A new poll from Virginia, a key swing state, suggests that evangelicals will help put Mitt Romney in the White House this November.
It has become a truism in recent years that evangelicals are critical to our national elections. As New York Times reporter Erik Eckholm pointed out on April 14, evangelicals accounted for nearly one-fourth of all ballots cast in recent presidential elections. Their lukewarm support for John McCain in 2008—with many staying home on Election Day and upwards of 30 percent of their 18-29 year-olds casting votes for Obama (Greenberg Quinlan Rosner Research)—helped give the White House to the Democrats.
Republicans have feared that Romney’s Mormonism will mean even fewer evangelical votes for their candidate in November. They cite a November 2011 Pew Forum poll that found 15 percent of evangelicals saying they would refuse to vote for Romney simply because he is a Mormon.
Of course, McCain in 2008 won 74 percent of the white evangelical vote, and still lost. But several things are different this time around. Even a slight increase in the percentage of evangelicals at the polls will have significant consequences. The Baylor Religion Survey estimates that evangelicals are now one-third of the population, or 100 million people. An increase of only 1 percent at the polls—a million voters—most likely means a two-to-one advantage for Romney among those million votes, which could tip several key states against Obama.
Now there is fresh evidence that evangelicals in swing states are more numerous than ever, and prefer Romney to Obama by a wide margin. A March 26-April 9 poll of Virginia residents conducted by the Institute for Policy and Opinion Research at Roanoke College found that 58 percent of the Virginia population is evangelical, and white evangelicals prefer Romney by a 36-point spread (65 percent to 29 percent).
Not surprisingly, Virginia evangelicals are ambivalent about Romney’s religion. More than twice as many evangelicals as non-evangelicals in Virginia (37 percent to 16 percent) think Mormons are not Christians, and 74 percent of the evangelicals (vs. 61 percent of non-evangelicals) say Mormonism is “very different” from their own faith. Sixty-one per cent of evangelicals think the Mormon religion is not Christian or are unsure if it is Christian, compared to only 39 percent of non-evangelicals.
Evangelicals have always considered Mormon religion very different from their own, but sometimes for the wrong reasons. For example, they typically protest that Mormons believe in salvation by good works. Some Mormons do indeed believe this, just as many Catholics and some Protestants believe they will be saved by being good Christians. Yet the Book of Mormon teaches salvation by Christ’s work of grace: “There is no flesh that can dwell in the presence of God save it be through the merits, and mercy, and grace of the Holy Messiah” (2 Nephi 2:8).
Yet evangelicals have legitimate reasons to believe that Mormon beliefs are different from those of historic Christian orthodoxy. For while Mormons believe Jesus is now fully God, they do not believe he was always God. Nor do they believe in the Trinity and the traditional Christian doctrine that God created the world from nothing.
Despite these religious differences, a large majority of Virginia evangelicals—who themselves represent a majority of Virginia voters—say they will vote for Mitt Romney, a Mormon.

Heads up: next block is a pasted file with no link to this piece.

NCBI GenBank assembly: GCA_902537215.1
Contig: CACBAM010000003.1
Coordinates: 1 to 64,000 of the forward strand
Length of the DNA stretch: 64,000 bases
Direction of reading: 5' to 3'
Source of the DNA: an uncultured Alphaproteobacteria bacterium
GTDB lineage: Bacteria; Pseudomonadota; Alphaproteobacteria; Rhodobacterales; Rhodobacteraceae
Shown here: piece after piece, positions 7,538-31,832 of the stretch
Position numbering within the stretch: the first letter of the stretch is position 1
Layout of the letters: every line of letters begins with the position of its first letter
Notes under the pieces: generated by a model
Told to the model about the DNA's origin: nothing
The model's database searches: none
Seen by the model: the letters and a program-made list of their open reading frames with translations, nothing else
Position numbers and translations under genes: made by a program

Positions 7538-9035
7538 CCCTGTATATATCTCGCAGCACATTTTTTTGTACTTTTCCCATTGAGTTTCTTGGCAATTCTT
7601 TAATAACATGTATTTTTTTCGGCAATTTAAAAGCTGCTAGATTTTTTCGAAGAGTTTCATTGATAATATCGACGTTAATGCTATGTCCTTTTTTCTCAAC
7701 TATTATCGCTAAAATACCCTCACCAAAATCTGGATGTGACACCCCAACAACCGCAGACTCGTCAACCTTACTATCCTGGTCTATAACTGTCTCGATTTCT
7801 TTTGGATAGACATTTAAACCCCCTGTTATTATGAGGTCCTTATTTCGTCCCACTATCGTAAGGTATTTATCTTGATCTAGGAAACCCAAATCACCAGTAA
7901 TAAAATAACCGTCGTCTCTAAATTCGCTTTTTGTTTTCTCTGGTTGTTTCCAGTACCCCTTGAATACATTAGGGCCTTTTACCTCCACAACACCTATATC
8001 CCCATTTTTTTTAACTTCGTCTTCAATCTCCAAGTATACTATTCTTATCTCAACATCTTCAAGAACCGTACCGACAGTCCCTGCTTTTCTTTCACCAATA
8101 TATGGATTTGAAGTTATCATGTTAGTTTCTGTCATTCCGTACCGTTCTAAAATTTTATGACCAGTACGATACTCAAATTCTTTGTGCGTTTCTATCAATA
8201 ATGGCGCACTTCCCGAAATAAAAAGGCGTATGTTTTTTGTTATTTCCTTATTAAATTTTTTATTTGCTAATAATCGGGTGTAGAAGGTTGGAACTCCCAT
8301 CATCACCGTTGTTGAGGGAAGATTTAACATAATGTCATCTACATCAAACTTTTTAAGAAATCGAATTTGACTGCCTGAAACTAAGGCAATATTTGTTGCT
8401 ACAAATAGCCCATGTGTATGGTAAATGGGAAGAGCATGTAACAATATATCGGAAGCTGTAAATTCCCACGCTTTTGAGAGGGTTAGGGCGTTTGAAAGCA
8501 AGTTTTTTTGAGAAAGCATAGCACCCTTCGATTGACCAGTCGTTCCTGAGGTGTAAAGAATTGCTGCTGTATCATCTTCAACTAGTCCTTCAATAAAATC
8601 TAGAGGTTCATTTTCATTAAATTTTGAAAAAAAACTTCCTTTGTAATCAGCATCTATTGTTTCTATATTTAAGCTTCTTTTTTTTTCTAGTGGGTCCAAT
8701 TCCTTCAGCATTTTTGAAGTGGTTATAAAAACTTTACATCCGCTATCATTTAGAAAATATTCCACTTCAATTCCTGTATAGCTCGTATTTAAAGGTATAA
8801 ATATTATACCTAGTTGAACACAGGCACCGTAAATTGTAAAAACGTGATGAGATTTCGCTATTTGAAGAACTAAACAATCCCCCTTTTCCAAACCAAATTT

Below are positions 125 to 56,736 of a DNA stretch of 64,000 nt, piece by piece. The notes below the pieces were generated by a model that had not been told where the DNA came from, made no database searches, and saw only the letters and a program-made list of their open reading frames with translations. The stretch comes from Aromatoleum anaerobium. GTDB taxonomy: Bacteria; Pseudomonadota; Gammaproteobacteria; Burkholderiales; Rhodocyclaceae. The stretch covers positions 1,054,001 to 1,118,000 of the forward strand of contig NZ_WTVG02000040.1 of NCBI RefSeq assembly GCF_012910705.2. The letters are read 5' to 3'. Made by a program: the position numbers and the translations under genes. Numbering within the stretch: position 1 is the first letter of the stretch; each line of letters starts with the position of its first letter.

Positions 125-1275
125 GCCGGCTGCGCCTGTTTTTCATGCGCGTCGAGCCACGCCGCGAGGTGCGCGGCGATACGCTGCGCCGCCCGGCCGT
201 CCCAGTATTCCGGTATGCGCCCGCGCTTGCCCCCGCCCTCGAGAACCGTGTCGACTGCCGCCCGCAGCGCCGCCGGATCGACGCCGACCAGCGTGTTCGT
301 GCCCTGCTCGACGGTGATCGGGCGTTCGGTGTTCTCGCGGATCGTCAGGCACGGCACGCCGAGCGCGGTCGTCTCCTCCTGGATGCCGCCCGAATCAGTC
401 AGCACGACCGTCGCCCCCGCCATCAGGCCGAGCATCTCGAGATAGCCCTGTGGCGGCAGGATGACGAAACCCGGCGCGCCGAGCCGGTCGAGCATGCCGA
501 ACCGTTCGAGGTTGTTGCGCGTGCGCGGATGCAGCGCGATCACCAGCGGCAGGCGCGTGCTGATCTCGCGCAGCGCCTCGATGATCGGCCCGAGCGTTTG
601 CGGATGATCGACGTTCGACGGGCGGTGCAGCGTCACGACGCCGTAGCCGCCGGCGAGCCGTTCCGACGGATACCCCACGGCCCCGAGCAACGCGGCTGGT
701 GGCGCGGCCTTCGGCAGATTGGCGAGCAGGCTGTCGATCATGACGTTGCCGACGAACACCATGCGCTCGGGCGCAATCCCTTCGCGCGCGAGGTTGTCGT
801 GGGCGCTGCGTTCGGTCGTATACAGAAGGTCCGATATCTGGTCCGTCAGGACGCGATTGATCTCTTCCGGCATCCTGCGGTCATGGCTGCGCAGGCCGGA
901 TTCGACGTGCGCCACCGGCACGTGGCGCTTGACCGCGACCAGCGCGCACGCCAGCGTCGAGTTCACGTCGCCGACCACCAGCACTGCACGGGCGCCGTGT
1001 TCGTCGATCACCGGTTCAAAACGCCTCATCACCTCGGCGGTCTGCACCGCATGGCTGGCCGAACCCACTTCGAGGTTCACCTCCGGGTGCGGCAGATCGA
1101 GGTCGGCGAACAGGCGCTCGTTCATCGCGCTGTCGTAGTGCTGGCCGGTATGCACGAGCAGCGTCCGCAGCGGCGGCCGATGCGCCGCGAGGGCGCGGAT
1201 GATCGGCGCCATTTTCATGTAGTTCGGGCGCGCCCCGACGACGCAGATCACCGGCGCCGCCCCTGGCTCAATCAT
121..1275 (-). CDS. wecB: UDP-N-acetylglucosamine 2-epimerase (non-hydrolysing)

But why? Why do an overwhelming majority of Virginia evangelicals (79 percent) say that Romney’s religion “makes no difference” in their voting for him? The answer seems to be that they have seen Obama’s policies and dislike them. Sixty-six percent of evangelicals (vs. only 50 percent of non-evangelicals) disapprove of Obamacare. Evangelicals are just as worried about the economy and the deficit as non-evangelicals. In fact, a majority of evangelicals support the Tea Party (53 percent) while only a quarter (29 percent) of non-evangelicals do. Seventy-nine percent of evangelicals think the country is on the wrong track (vs. 66 percent of non-evangelicals).
Evangelicals, then, will vote against Obama because of the economy and their suspicion that policies such as the recent HHS mandate requiring insurance to pay for abortions will threaten their religious freedom. They will vote for Romney because they think his policies will grow the economy without jeopardizing their deepest convictions—such as their belief in traditional marriage as the bedrock of society.
(Contrary to the current opinion that Romney is losing the women’s vote, 63 percent of Virginia’s evangelicals are women, and they support him over Obama by a broad margin. This means that Romney will win the women’s vote in Virginia, and probably other states with evangelical majorities.)
If evangelicals vote for Romney in greater numbers than for McCain in 2008—and it appears that they might—it won’t be the first time that Christians voted for an American president who was less than orthodox. After all, George Washington was a deist who usually referred to the deity in vague and impersonal terms. Thomas Jefferson believed the doctrines of the Trinity, atonement and original sin were essentially pagan, and rejected the possibility of miracles or resurrection. John Adams also denied the Trinity, along with most orthodox Christian doctrine, while holding to a Stoic-like resignation to fate. Lincoln and his wife attended séances, and William Howard Taft was a Unitarian who rejected the deity of Christ.
Christians who voted for these presidents showed they were looking for a Commander-in-Chief, not a theologian-in-chief. In this approach they echoed Martin Luther, who reputedly said, “I would rather be governed by a wise Turk than by a foolish Christian.”
Gerald R. McDermott is Jordan-Trexler Professor of Religion at Roanoke College, and co-author of Evangelicals and Mormons: Exploring the Boundaries.
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